Re-evaluating insurance coverage as you approach retirement

Baby Boomers Changing Insurance Needs

by Gary Foreman


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As baby boomers approach retirement age, their insurance needs mature, too. Some needs decrease, while others become more important. We wanted to learn about boomers and their changing insurance needs.

We spoke with Karen Lorenzo, the online content coordinator for FPS Insurance. Here's the information that she collected for us.

Q. Are retirees insurance needs different? And, if so, how are they different?

Ms. Lorenzo: For one, retirees won't need life insurance as much since those who depend on them financially are likely to be able to look after themselves by then. They will also need to shift their attention to the new challenges brought about by aging, such as their health. Our bodies become more susceptible to illnesses and other medical conditions as we age, so not only will health insurance be more important, but also getting long term care insurance may be prudent as well.

Q. Many people had life insurance through their employment. When they retired they lost that insurance. Is it important to replace it?

Ms. Lorenzo: For most retirees, getting life insurance would be unnecessary, but they need to look at their unique financial picture first. Life insurance is meant to replace income lost if the policyholder dies, thereby providing support to the dependents. However, if you're no longer working, there's no income to replace, and maybe your children have all grown up to be self-sufficient and your house has been paid off. Then you have to consider your current situation to determine if life insurance is still a good idea.

A few situations where it may be sound to get life insurance coverage include:

- If you are in debt or are still working
- If you have a disabled child or a dependent who needs ongoing support
- If you would like to leave a charitable legacy
- If you're risk averse and want an investment
- If you wish to have more funds or options for estate planning

The type of life insurance policy you'll get will be different depending on your unique needs, so it's recommended to talk with a fee-only consultant for unbiased advice.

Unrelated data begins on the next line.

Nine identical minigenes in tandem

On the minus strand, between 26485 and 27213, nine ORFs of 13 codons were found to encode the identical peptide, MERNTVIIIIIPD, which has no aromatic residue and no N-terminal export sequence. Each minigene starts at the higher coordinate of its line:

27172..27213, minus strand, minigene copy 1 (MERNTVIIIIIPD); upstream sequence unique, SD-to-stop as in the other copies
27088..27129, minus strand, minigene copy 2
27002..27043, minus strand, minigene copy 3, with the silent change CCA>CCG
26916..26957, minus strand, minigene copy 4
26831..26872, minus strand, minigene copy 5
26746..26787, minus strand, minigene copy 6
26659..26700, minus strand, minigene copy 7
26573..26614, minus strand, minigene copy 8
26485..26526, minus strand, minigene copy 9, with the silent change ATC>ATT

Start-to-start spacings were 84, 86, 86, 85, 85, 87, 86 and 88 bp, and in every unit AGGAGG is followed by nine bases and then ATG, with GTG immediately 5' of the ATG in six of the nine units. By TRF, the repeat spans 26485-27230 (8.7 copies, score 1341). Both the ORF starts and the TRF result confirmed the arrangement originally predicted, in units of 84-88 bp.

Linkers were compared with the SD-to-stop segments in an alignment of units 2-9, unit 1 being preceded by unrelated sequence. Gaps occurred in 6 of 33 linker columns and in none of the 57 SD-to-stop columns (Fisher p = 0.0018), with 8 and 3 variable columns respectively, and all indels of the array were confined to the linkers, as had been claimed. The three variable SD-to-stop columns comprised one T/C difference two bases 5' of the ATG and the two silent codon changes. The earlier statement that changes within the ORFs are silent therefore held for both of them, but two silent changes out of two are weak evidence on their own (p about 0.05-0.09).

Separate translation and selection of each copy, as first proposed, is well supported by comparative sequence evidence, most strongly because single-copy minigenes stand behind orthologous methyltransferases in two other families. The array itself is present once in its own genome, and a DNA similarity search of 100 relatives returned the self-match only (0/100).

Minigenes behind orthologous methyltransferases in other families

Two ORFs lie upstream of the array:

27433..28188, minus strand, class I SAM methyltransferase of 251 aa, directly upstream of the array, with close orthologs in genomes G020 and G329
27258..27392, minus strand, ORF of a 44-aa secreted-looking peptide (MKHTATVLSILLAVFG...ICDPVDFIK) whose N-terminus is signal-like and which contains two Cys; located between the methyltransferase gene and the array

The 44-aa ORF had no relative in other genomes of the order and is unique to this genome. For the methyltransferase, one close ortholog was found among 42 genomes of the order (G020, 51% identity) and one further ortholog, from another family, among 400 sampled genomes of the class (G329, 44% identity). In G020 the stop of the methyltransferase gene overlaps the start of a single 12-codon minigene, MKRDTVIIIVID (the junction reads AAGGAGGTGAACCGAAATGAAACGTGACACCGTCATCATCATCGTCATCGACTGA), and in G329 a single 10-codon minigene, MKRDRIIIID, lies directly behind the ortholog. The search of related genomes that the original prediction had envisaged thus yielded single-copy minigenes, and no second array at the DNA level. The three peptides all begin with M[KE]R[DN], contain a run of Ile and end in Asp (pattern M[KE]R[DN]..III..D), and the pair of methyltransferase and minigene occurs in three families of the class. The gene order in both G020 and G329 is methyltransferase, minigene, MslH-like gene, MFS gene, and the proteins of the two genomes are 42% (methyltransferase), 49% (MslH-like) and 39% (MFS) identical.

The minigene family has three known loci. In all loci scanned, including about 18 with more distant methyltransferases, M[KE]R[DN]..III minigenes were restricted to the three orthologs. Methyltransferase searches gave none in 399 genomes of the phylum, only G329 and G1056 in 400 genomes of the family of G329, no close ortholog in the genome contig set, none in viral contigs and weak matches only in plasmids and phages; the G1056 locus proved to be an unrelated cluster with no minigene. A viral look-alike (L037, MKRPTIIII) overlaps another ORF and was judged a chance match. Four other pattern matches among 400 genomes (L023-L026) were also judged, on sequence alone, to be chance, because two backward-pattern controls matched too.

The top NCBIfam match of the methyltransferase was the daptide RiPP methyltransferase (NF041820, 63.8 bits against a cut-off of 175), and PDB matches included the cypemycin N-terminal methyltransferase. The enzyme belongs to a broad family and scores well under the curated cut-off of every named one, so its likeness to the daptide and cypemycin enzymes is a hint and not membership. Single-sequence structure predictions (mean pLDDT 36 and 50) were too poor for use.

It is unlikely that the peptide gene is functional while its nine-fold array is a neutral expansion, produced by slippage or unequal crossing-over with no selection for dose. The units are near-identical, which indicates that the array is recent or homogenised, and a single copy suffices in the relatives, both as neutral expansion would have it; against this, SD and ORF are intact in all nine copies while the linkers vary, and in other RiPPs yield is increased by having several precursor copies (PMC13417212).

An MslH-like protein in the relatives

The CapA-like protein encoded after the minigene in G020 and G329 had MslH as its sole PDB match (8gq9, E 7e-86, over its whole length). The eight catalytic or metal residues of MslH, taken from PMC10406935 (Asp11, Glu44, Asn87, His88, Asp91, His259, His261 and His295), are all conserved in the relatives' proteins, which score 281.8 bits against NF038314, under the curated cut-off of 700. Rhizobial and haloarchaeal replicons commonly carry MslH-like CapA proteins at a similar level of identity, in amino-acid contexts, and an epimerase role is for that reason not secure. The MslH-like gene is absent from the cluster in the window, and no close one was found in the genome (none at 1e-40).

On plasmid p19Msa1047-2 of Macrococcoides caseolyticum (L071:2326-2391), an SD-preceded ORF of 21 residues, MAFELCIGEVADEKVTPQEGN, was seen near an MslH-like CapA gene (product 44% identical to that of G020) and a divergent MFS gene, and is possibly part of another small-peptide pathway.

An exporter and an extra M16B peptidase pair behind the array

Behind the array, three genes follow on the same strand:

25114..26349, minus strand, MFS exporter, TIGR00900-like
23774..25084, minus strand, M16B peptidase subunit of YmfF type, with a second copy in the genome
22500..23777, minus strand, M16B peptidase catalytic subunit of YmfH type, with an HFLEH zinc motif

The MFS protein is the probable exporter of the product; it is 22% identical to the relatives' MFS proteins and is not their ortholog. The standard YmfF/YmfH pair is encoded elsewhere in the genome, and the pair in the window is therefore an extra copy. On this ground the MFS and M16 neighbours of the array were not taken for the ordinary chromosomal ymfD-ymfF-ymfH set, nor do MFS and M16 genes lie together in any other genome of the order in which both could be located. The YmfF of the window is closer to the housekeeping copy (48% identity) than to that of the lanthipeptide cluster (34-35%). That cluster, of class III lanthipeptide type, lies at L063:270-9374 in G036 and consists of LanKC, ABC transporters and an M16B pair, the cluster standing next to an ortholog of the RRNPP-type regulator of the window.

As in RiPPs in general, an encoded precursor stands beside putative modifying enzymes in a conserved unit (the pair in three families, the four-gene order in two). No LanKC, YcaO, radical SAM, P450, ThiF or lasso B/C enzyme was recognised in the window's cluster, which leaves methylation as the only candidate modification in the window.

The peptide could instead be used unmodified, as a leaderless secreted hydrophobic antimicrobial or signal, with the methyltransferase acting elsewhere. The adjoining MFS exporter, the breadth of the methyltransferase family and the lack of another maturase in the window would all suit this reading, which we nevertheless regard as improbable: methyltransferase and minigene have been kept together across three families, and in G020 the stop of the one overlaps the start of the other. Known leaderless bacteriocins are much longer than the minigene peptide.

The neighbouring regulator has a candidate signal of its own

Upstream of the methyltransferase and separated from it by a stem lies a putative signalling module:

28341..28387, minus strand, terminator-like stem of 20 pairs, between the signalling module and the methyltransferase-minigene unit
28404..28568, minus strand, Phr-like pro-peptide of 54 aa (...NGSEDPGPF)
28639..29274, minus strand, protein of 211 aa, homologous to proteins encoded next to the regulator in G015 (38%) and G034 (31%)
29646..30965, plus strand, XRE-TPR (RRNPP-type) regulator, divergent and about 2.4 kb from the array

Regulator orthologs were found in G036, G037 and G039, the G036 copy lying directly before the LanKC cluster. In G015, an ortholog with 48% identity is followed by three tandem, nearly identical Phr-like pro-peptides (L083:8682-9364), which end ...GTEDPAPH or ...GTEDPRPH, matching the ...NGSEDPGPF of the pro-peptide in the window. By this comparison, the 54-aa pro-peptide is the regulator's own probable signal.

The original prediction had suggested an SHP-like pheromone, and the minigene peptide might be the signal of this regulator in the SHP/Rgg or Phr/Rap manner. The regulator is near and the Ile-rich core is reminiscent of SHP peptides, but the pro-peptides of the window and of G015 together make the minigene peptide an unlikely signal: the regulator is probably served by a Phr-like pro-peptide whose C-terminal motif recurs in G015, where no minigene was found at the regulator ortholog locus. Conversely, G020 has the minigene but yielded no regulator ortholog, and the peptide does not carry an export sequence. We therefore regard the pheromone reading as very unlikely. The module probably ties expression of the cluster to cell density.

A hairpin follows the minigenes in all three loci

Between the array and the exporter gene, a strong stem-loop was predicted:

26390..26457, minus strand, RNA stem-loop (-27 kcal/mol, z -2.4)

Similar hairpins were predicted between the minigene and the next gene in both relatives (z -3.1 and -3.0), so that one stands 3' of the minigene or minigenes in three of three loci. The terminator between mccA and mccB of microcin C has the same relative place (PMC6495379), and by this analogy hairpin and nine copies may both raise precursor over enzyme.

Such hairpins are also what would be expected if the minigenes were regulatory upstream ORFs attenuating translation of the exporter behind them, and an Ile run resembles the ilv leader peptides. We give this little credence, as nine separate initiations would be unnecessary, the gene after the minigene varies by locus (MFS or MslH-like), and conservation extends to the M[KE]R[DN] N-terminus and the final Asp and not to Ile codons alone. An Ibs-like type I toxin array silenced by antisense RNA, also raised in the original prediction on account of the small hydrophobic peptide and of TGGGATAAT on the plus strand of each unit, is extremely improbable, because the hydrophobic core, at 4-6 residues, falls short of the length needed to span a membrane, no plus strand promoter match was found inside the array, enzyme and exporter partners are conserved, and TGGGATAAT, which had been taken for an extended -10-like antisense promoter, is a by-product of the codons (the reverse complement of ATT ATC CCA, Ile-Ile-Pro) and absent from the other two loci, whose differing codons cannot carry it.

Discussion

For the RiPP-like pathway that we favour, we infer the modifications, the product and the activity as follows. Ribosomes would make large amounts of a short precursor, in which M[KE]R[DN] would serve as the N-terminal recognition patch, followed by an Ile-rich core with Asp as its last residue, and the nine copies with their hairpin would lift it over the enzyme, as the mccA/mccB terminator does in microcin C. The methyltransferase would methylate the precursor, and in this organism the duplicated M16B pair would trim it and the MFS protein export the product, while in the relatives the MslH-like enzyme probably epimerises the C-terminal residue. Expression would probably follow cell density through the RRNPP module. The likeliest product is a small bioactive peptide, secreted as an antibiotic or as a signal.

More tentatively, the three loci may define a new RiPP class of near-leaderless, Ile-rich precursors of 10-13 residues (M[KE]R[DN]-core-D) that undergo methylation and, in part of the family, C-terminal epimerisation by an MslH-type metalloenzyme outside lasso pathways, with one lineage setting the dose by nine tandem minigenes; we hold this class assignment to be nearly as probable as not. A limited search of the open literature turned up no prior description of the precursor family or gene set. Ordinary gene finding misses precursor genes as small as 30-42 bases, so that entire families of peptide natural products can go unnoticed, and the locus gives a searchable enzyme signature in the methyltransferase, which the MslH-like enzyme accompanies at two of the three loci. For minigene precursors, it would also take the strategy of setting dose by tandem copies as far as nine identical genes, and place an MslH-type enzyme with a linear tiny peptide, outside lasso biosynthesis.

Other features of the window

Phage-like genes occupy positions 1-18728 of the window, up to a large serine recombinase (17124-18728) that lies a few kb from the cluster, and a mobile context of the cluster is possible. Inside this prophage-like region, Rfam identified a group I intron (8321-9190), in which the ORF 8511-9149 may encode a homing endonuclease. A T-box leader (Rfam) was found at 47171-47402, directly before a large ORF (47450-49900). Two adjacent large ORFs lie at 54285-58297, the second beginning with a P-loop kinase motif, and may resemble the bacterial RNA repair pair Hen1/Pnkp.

Q. If I do need life insurance, how do I determine how much to buy?

Ms. Lorenzo: This will be difficult to quantify without analyzing your actual financial situation. A good first step would be calculating how much you can comfortably afford with your budget and then looking at how much your beneficiaries will need to financially cope if you were to pass away. Your budget will still form the ceiling for how much you can buy. You then find out what amount would let your dependents avoid experiencing significant financial loss after your death.

Q. Long term care insurance is becoming more popular. What is it? And is it something that retirees should consider?

Ms. Lorenzo: Long term care insurance is meant to pay for your future long term care needs, such as home care or extended stays in nursing homes. In a way, it's the counterpart of life insurance in that life insurance provides benefits in case of death, while long term care insurance provides benefits in case of long life.

Retirees definitely need to consider long term care insurance as nearly 70% of 65-year-old Americans will need some form of long term care in their lives. Also, medical advances today have lengthened average life spans, and the longer you live, the more likely it is that you'll need care. With this policy, you can have funds already set aside to pay for the increasingly high cost of care and you avoid burdening your family to look after you.

Q. Can insurance be used to avoid probate?

Ms. Lorenzo: You can use life insurance to avoid probate for the policy's death benefits. Once you name a beneficiary, he or she will receive the death benefit directly, bypassing probate costs and time. Otherwise, the death benefit will go to the estate and will become part of the assets undergoing probate. Naming a beneficiary is crucial, as it ensures a quick and private transfer of funds.

Will you leave
thousands of dollars on the table
by taking Social Security
at the wrong time? Find out.

Q. What's the most common mistake that retirees make regarding insurance coverage?

Ms. Lorenzo: The most common mistake that retirees make when getting insurance is not doing enough analysis and research prior to purchase. Because insurance policies can be complex financial products, many avoid going into its details or examining their finances closely. Some simply accept the policy that their agents push them to get. They then blame everyone else when unpleasant surprises spring on them later on. It's highly recommended to take your time assessing your situation and the policies you're considering in order to get the best in insurance coverage.

If you're a baby boomer approaching or just entered retirement, you'll probably want to take a look at your current insurance coverages to see if they meet your changing needs.


Gary Foreman

Gary Foreman is a former financial planner and purchasing manager who founded The Dollar Stretcher.com website and newsletters in 1996. He's been featured in MSN Money, Yahoo Finance, Fox Business, The Nightly Business Report, US News Money, Credit.com and CreditCards.com. Gary shares his philosophy of money here. You can follow Gary on Twitter or visit Gary Foreman on Google+. Gary is also available for audio, video or print interviews. For more info see his media page.

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